A new consortium, led by Oxford BioMedica, will take part in a two-year, £2m project focused on gene and cell therapy manufacturing.
Other partners include the Cell and Gene Therapy Catapult, Stratophase and Synthace, and the collaboration is co-funded by Innovate UK.
The aim of the collaboration is to explore and apply novel advanced technologies to further evolve OXB’s proprietary suspension LentiVector platform to deliver even higher quality vectors for both clinical and commercial use. The project aims to deliver tangible benefits to patients by shortening the time-to-clinic and time-to-market as well as to improve the cost and access of bringing novel gene and cell therapies to patients.
Each partner in the collaboration holds proprietary technology and know-how that can be used to develop an innovative approach to viral vector manufacturing. The aims of this pioneering project are closely aligned with the current government national priorities to make the UK a global hub for manufacturing advanced therapies, which will benefit economic growth and create and retain more highly skilled employment.
John Dawson, Chief Executive Officer of Oxford BioMedica, the consortium lead, commented: “Cell and gene therapies offer unprecedented promise for the cure, treatment or long term management of disease and we are delighted that this consortium has been awarded funding from Innovate UK that will help to keep Oxford BioMedica, our partners and the UK, at the forefront of innovation in industrial viral vector manufacturing.
Keith Thompson, Chief Executive Officer of Cell and Gene Therapy Catapult, commented: “Collaborating on developing improved process analytic technologies with our partners will help drive productivity in viral vector manufacturing, accelerating the development of these transformative advanced therapies. We have the opportunity to both transform patients’ lives and grow an industry in the UK that we can be proud of.”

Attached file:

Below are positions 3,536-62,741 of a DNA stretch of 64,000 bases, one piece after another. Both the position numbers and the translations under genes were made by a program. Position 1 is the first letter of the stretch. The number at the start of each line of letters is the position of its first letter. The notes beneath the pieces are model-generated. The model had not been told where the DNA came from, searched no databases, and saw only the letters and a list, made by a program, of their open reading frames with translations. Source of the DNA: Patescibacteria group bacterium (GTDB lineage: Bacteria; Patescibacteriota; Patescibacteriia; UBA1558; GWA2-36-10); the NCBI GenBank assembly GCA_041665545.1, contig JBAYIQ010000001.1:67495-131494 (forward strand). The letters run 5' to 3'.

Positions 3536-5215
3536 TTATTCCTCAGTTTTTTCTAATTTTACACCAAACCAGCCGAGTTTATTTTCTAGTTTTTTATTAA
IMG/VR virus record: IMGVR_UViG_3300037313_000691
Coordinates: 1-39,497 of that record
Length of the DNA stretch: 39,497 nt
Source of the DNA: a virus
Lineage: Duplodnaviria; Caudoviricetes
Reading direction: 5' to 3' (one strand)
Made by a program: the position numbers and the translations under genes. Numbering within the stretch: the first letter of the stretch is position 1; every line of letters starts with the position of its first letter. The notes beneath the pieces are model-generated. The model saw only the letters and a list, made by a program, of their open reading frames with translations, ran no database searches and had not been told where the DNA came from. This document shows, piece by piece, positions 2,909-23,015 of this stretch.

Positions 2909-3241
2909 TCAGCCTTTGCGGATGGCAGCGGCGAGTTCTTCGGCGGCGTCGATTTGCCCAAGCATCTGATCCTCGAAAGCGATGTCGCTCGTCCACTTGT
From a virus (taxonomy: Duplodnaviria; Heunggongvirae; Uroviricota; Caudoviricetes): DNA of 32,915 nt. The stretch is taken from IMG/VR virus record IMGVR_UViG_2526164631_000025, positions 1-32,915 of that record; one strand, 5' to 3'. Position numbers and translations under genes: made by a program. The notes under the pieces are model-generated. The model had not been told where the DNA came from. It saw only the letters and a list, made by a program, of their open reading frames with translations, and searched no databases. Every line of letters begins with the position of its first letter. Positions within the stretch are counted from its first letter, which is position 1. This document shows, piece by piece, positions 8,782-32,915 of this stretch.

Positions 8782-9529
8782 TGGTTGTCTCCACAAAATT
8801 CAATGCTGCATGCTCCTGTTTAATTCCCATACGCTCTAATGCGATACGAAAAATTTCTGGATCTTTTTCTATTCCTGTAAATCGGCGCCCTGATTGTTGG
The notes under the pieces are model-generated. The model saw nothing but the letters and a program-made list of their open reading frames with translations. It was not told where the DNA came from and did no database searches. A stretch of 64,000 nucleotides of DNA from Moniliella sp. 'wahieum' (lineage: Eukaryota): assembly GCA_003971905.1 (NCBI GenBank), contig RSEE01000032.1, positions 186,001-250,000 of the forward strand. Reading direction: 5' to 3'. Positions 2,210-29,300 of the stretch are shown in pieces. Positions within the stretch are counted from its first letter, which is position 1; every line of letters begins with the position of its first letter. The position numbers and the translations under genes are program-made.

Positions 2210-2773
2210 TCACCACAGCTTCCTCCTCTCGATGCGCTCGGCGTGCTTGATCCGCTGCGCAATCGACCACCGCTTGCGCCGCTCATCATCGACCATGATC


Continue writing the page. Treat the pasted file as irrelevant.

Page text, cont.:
Simon Saxby, Chief Executive Officer of Stratophase, commented: “We are looking forward to working as a member of such a strong partnership. We see our inclusion as validation of our Ranger adaptive control technology which is gaining significant traction in the biotech and cell and gene therapy sectors. Overall, we are delighted at the prospect of actively contributing to the accelerated development of novel, cost-effective advanced therapies”.
Sean Ward, Chief Technical Officer of Synthace, commented: “Antha, our high-level language and operating system for biology, was developed to empower researchers to tackle highly complex biological problems. Cell and gene therapies are one of the most challenging and impactful applications of modern biotechnology, and we are excited to be working with our experienced partners to expand the capabilities of Antha to help in this domain.”